High Point “Ghost” Town Center

Victim of the economy or overzealous expectations?

Posted by on Feb 10th, 2009 and filed under News. You can follow any responses to this entry through the RSS 2.0. Both comments and pings are currently closed.

A For Lease sign hangs in an empty building at High Point Town Center - Photo by Marc Parker

A For Lease sign hangs in an empty building at High Point Town Center - Photo by Marc Parker

Prattville – What happened to all of those grand predictions that were made when Prattville’s High Point Town Center opened its first store, Bass Pro Shops, in 2007? Comparisons were being made between High Point and the Summit in Birmingham.

Within the Summit’s one million square feet are about 97 stores, including such outparcel restaurants as the Cheesecake Factory, P. F. Chang’s China Bistro, Macaroni Grill, and California Pizza Kitchen. At our 900,000 square foot lifestyle center there are a total of 8 stores; Bass Pro Shops, J. C. Penney, Belk, Nestle Toll House, an Avon retail store, Royal Nails, Publix, and Best Buy.

The Teaching Tree, which sells educational materials, is opening soon and will be the ninth store in the outdoor mall.

A synopsis of the High Point Town Center is on the McClinton & Company site and it describes the mall as “The place to shop, dine, and be entertained in the River Region of Central Alabama.” Those are impressive words to someone who has not visited the area and is looking for that ultimate shopping experience. But, it is truly a letdown when you drive through the seemingly endless number of vacant shops on your way at one end from J. C. Penney all the way to the other end at Belk.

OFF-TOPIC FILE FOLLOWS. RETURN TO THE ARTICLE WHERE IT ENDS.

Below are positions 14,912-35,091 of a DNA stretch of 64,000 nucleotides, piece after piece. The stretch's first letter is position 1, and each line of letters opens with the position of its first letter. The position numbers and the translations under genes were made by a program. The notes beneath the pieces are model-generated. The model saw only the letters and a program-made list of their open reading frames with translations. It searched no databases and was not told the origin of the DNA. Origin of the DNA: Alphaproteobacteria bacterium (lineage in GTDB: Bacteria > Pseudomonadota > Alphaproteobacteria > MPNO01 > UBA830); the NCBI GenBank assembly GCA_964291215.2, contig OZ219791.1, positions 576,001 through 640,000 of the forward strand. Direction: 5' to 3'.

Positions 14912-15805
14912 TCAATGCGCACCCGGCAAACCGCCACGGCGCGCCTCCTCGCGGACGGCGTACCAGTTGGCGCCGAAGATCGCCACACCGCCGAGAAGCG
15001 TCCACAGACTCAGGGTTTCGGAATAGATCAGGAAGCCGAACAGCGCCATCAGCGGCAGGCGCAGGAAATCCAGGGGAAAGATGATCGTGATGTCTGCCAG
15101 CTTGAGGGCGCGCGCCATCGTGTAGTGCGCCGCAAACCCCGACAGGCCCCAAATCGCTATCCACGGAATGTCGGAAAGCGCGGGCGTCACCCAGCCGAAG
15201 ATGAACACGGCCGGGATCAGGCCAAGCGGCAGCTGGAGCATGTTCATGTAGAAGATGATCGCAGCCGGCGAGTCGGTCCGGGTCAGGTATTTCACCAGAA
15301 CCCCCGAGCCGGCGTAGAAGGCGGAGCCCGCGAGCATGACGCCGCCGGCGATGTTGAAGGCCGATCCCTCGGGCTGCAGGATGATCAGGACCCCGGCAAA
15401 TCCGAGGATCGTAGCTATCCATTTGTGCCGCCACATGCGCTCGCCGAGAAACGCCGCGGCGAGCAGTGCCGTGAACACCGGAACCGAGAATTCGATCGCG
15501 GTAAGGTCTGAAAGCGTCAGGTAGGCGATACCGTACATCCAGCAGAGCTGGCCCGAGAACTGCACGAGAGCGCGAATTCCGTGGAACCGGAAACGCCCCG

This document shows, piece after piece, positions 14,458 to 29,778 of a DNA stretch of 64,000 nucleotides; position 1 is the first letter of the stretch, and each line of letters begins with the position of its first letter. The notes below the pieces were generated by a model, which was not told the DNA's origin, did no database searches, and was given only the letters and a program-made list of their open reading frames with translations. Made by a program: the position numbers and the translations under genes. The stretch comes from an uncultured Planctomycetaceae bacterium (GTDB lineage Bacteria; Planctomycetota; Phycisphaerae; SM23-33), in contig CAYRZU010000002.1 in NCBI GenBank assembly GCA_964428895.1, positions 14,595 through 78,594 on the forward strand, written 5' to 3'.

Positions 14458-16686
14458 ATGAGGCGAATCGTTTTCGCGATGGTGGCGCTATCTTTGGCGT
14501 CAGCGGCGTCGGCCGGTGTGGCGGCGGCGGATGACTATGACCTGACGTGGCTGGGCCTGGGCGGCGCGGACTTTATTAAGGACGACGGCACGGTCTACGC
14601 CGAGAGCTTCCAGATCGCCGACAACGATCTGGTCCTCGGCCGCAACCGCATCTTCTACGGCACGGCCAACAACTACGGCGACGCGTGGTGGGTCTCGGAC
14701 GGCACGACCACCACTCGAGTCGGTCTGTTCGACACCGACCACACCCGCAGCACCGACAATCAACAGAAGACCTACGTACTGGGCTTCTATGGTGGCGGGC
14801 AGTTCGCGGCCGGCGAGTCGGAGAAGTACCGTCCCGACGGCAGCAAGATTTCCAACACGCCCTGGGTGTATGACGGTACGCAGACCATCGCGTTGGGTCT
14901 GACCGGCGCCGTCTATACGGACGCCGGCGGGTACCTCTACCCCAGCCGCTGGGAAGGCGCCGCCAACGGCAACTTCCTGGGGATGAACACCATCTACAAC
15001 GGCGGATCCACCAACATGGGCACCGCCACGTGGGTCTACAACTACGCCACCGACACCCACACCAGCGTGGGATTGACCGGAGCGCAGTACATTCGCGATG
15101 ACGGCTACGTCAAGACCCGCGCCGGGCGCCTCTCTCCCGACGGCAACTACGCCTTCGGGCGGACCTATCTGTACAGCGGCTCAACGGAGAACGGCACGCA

Looking at the original architectural conception of this mall you can see lakes interspersed with upscale multi-tiered stores, walking paths, and lush landscapes. About seventy stores were planned with a hotel and several restaurants. In the 2006 issue of Images of Prattville, Alabama, one can see the plan layout in the first few pages of the magazine. However the plan changed somewhere along the way, and that’s unfortunate, because it looked so remarkable in the earlier version.

Is the High Point Town Center a victim of the national economy or did the local planners simply bite off more than they could chew? High Point Town Center is a joint venture between McClinton & Company and AIG/Baker. Our Prattville attempted to contact both companies. Neither one responded to phone calls or emails.

Article by Melissa Parker and Marc Parker

© 2009 Our Prattville. All rights reserved. This material may not be published, broadcast, rewritten or redistributed without the express written consent of the publisher.

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1 Response for “High Point “Ghost” Town Center”

  1. JPL says:

    great article – still sad and true; never knew of the original plans – would have been unique in this state and region!
    sounds like McClinton got what he deserved for being both misleading and greedy. The city should have held his company to the concept proposal

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